Densely populated urban centres in the country’s largest cities will be the last to lose their door-to-door delivery service, Canada Post said Wednesday.
Todd Murray, a letter carrier for Canada Post, braved the snow on his route on Battery Road in St. John’s. — Photo by Rhonda Hayward/The Telegram
The postal service said the older neighbourhoods and smaller lots in urban cores present different challenges for locating community mailboxes than suburban areas.
So Canada Post says it will leave the majority of those areas until the final stage of its plan to phase out door-to-door mail delivery.
“The postal service will take the necessary time to understand their unique needs and find solutions that work for these neighbourhoods,” Canada Post said in a statement.
The postal service also said it was working to address the needs of seniors and disabled Canadians.
“Canada Post is developing alternative approaches for people with significant mobility challenges, who lack viable alternatives and upon whom delivery to a community mailbox would impose an unacceptable hardship,” it said.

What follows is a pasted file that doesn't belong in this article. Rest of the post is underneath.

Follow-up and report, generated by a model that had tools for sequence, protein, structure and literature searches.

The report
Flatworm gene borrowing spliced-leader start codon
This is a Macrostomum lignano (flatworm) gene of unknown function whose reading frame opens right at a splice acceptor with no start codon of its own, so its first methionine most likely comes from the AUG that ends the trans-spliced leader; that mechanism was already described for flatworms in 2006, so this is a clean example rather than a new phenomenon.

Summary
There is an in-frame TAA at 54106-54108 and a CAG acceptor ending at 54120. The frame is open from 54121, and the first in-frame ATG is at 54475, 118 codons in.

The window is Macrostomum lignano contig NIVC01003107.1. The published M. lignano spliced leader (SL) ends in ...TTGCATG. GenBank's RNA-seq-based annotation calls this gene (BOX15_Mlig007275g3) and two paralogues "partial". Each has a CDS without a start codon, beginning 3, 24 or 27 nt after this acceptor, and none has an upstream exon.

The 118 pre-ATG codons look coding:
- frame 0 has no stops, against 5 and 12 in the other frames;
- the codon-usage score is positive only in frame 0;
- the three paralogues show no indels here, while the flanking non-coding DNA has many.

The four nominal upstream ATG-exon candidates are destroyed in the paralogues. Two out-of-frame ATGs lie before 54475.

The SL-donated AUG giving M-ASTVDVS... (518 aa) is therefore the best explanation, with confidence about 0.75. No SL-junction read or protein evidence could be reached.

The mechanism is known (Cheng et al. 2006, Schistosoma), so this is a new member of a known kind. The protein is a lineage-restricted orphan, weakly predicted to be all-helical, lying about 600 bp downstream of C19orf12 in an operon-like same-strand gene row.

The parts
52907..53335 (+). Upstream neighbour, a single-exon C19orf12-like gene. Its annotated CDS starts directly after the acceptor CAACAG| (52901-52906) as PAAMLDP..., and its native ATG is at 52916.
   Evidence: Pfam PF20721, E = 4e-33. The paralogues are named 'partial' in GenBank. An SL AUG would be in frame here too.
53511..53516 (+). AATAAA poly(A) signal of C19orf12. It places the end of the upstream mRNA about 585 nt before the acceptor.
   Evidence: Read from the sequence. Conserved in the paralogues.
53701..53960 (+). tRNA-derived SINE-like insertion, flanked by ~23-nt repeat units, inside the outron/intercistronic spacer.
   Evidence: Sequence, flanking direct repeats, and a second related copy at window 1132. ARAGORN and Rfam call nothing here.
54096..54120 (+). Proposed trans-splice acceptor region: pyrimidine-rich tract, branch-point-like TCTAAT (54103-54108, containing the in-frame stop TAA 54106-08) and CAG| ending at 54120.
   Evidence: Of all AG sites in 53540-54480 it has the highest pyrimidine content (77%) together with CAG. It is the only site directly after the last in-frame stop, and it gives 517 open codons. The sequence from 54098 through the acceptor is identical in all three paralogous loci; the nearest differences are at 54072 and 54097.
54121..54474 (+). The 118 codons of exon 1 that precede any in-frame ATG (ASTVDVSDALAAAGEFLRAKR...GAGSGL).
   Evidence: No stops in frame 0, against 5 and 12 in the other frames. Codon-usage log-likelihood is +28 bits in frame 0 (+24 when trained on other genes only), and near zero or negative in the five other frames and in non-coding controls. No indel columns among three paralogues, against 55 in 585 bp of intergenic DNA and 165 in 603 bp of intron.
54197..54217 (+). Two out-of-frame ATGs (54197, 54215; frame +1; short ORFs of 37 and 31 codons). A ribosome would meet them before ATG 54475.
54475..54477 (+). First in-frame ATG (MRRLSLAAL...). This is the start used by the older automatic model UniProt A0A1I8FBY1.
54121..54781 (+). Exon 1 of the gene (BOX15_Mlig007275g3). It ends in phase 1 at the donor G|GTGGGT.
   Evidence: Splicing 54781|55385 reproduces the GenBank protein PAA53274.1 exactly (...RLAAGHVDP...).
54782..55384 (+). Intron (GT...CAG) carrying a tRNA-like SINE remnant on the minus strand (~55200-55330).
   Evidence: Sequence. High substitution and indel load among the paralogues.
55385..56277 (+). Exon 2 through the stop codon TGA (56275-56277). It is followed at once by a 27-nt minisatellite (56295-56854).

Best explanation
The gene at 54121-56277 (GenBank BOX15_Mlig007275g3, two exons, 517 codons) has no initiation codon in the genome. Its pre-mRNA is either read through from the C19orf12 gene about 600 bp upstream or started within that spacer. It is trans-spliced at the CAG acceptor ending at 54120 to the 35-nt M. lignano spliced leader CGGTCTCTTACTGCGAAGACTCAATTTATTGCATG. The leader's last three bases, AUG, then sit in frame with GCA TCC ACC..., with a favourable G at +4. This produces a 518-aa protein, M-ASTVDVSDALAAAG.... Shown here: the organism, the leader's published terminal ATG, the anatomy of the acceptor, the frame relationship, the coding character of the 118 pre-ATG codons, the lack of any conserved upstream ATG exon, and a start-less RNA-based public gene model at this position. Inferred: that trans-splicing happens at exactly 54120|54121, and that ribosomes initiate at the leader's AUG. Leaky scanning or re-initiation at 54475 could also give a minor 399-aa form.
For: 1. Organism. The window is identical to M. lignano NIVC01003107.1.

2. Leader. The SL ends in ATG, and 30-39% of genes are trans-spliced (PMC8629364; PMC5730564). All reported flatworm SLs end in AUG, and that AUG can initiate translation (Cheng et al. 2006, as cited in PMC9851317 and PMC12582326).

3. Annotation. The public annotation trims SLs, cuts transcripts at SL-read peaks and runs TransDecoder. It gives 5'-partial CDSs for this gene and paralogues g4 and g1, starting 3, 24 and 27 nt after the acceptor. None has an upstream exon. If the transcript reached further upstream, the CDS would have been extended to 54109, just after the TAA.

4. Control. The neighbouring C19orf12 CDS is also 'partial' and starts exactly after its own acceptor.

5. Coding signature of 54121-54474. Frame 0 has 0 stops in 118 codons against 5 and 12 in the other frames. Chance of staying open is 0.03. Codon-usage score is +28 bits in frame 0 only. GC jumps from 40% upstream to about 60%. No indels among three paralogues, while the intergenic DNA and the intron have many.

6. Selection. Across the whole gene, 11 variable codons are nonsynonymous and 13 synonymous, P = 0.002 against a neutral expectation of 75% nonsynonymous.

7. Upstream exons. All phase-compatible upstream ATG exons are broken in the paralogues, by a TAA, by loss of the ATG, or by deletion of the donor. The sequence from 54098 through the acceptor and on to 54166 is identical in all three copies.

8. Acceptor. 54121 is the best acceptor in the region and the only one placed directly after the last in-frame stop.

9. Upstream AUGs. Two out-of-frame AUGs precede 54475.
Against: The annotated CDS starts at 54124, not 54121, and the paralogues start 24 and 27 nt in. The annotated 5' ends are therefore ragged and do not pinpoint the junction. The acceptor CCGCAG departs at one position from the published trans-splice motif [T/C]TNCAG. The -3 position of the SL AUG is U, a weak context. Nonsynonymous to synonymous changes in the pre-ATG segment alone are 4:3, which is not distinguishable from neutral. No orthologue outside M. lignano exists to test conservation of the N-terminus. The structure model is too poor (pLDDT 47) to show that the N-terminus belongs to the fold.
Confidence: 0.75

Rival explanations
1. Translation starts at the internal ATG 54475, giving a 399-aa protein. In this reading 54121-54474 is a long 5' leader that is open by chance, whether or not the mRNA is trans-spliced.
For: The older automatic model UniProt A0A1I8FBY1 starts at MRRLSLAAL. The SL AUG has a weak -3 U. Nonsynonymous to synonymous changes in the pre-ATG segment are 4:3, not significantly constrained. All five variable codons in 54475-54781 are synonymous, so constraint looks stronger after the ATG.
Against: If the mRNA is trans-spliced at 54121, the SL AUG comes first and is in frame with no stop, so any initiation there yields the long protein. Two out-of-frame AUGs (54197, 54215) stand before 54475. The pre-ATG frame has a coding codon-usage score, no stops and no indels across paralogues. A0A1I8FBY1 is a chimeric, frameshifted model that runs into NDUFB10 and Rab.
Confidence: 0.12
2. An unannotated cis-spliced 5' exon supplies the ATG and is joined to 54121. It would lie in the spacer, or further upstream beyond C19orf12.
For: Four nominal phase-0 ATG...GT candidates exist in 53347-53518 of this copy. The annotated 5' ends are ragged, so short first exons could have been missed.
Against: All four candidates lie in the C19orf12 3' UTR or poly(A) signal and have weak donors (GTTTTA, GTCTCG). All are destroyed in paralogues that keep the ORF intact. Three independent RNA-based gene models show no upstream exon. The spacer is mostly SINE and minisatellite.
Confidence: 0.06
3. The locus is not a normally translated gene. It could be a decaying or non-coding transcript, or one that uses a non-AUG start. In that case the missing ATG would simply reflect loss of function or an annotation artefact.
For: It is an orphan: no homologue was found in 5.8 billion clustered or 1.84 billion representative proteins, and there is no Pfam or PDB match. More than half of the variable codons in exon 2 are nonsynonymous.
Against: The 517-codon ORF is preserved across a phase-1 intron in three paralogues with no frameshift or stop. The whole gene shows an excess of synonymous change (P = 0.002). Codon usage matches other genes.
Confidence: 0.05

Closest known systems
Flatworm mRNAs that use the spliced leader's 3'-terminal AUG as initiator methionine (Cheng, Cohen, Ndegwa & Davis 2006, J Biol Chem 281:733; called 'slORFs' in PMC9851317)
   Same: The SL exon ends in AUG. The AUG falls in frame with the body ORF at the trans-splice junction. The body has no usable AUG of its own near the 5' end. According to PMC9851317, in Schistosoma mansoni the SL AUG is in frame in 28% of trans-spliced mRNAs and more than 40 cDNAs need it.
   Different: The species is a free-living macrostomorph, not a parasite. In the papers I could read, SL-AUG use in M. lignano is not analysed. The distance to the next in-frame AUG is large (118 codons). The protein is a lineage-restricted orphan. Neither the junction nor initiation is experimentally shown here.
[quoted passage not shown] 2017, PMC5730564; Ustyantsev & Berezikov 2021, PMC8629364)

The post office was widely criticized when it announced its plan to phase out home delivery late last year.
Under the plan, mail for those who currently receive door-to-door service will be delivered to communal neighbourhood “superboxes.”
About one-third of Canadian households receive their mail at their door. The rest pick up their mail at a central location, like an apartment lobby or community mailbox, or rural mailboxes.
The federal Crown corporation has said it hopes to realize up to $900 million a year under the plan to replace home delivery with community mail boxes and by raising postal rates and cutting thousands of jobs.
The move to community mail boxes is expected to account for $400 million to $500 million in savings once it is fully implemented.